In any event, could Charles ever possibly be the kind of monarch his mother was – perfectly proper, totally disciplined, always at a lofty but at the same time somehow humble remove? Well, his manifest grief over her death has certainly won him a great deal of good will, both at home and abroad. And his promise to put his pet causes behind him, the good (support for traditional architecture) along with the bad (climate change and, good God, homeopathy) was a relief. But there’s reason to fear that he won’t be keeping that promise for long. In a September 17 address to a gathering of “faith leaders” at Buckingham Palace, he spoke of his “duty to protect the diversity of our country by protecting a space for faith itself.” He came very close to apologizing for his own Anglicanism and for the Anglican oaths he would take at his coronation. From any other freshly installed king, this little speech might sound like routine stuff; but Charles isn’t just any king. He’s a king, alas, with a long history of intense admiration for Islam.
Case in point: when the Oxford Centre for Islamic Studies was founded in 1993, Charles became its patron (he still is) and delivered its inaugural address, described earlier this month in the Middle East Eye as “electrifying.” Characterizing Islam as part of Europe’s “past and our present” (yes – in the form of armies of conquest), Charles identified “equity and compassion” as the “guiding principle and spirit of Islamic law,” praised the rights that Islam grants women (no mention of forced marriages or honor killings), celebrated the “remarkable tolerance” of medieval Islam, and asked Muslims in Europe to appreciate “the importance of integration” while asking non-Muslims to respect Islam and “avoid actions which are likely to cause deep offence.”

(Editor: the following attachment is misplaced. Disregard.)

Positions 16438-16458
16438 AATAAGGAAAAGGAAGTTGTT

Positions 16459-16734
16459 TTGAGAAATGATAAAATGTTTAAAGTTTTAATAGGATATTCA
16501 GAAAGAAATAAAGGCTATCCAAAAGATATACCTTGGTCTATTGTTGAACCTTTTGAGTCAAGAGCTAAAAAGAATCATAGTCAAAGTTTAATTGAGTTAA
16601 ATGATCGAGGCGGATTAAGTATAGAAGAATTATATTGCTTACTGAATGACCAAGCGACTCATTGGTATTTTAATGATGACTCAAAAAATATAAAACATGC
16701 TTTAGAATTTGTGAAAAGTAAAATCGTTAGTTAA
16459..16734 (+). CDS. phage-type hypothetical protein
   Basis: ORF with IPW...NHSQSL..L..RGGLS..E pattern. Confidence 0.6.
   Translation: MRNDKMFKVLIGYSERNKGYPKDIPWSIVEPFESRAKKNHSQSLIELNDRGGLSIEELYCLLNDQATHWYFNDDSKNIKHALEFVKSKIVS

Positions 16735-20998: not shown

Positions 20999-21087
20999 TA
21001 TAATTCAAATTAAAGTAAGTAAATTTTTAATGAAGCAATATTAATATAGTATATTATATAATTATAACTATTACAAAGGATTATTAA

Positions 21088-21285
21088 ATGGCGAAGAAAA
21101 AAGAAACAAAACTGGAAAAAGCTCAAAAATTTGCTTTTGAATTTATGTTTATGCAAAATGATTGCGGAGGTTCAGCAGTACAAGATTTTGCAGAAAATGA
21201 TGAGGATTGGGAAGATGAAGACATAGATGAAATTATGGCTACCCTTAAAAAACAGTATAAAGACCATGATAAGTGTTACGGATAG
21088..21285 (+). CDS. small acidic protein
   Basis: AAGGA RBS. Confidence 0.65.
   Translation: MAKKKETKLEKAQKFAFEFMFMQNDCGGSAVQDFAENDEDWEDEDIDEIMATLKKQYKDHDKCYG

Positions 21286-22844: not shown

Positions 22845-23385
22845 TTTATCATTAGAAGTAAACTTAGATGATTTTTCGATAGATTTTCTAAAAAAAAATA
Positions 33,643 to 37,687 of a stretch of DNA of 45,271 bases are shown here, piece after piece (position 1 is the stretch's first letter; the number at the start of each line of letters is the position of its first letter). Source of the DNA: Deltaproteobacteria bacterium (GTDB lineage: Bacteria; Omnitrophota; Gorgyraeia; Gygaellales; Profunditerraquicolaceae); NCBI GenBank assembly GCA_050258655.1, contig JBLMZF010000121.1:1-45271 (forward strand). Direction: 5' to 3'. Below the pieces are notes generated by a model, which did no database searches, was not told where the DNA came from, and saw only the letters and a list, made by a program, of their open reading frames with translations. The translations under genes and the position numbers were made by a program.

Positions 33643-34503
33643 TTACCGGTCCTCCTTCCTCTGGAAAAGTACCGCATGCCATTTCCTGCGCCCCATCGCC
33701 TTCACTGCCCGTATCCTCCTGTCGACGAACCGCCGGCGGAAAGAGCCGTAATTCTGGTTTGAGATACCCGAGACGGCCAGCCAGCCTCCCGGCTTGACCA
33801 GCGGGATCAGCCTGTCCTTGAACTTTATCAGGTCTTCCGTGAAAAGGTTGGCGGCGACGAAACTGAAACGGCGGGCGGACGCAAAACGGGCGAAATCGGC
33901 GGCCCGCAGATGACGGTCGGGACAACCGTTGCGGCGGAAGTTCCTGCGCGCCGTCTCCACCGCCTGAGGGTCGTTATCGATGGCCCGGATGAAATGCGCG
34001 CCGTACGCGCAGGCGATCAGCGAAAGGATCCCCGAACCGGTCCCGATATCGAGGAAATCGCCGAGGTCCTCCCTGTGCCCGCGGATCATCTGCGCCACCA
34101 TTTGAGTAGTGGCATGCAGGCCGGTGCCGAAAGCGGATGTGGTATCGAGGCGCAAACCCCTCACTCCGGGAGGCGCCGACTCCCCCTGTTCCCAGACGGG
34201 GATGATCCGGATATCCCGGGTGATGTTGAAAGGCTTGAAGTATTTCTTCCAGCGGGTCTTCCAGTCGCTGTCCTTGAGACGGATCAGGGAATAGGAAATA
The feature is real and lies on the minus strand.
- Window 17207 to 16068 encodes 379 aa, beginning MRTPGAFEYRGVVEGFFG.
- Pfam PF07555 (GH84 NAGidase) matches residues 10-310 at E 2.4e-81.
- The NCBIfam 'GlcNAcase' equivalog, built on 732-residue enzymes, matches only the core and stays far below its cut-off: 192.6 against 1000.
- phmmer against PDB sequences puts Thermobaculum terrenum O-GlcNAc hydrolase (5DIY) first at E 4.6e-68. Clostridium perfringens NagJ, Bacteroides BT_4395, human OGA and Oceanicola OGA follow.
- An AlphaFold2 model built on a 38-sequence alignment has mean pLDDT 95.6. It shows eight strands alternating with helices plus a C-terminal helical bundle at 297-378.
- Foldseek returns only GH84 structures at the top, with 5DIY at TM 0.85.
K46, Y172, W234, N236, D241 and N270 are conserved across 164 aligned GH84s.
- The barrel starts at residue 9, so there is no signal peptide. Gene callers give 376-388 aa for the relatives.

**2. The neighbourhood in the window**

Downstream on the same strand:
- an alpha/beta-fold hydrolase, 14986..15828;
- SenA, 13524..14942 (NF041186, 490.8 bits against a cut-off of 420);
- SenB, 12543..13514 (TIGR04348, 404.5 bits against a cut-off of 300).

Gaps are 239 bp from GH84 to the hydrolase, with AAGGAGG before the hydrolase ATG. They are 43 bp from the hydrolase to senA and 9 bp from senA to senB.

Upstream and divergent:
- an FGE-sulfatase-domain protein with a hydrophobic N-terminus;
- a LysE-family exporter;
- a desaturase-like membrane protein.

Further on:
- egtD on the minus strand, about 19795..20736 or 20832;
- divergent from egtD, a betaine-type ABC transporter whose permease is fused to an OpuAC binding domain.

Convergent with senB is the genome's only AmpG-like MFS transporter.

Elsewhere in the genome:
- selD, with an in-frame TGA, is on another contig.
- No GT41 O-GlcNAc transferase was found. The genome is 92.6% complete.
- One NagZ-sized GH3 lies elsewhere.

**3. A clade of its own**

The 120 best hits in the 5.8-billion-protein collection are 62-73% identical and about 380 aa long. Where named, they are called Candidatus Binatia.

At no point in the intervening twenty-nine years has Charles moderated this message of appeasement and dhimmitude. Au contraire. In 2010, he urged fellow environmentalist fanatics to “follow the Islamic way,” whatever that means; in 2013 he announced he’d been taking Arabic lessons so he could read the Koran in the original. A few weeks ago it was reported that his charity had accepted £1 million from two half-brothers (which, of course, equals one brother) of Osama bin Laden – a huge scandal-in-the-making that evaporated as soon as the queen died. Years ago, the grand mufti of Cyprus maintained that Charles had secretly converted to Islam. Given his non-secret record, it’s not hard to believe.
No surprise, then, that as soon as Charles ascended to the throne, Muslims – and his fellow Islamophiles – cheered. On September 13, one H.A. Hellyer expressed hope in Time Magazine that Charles’s love of Islam could bridge the divisions between British Muslims and the filthy British infidels who still think they run the place. Yeah, that’ll do it. Enthusing about Charles’s affection for the religion of peace, Hellyer noted that Charles has reportedly expressed disagreement “with dress restrictions imposed on Muslim women in various European countries.” Not a word about his view of dress restrictions imposed on Muslim women in various Islamic countries.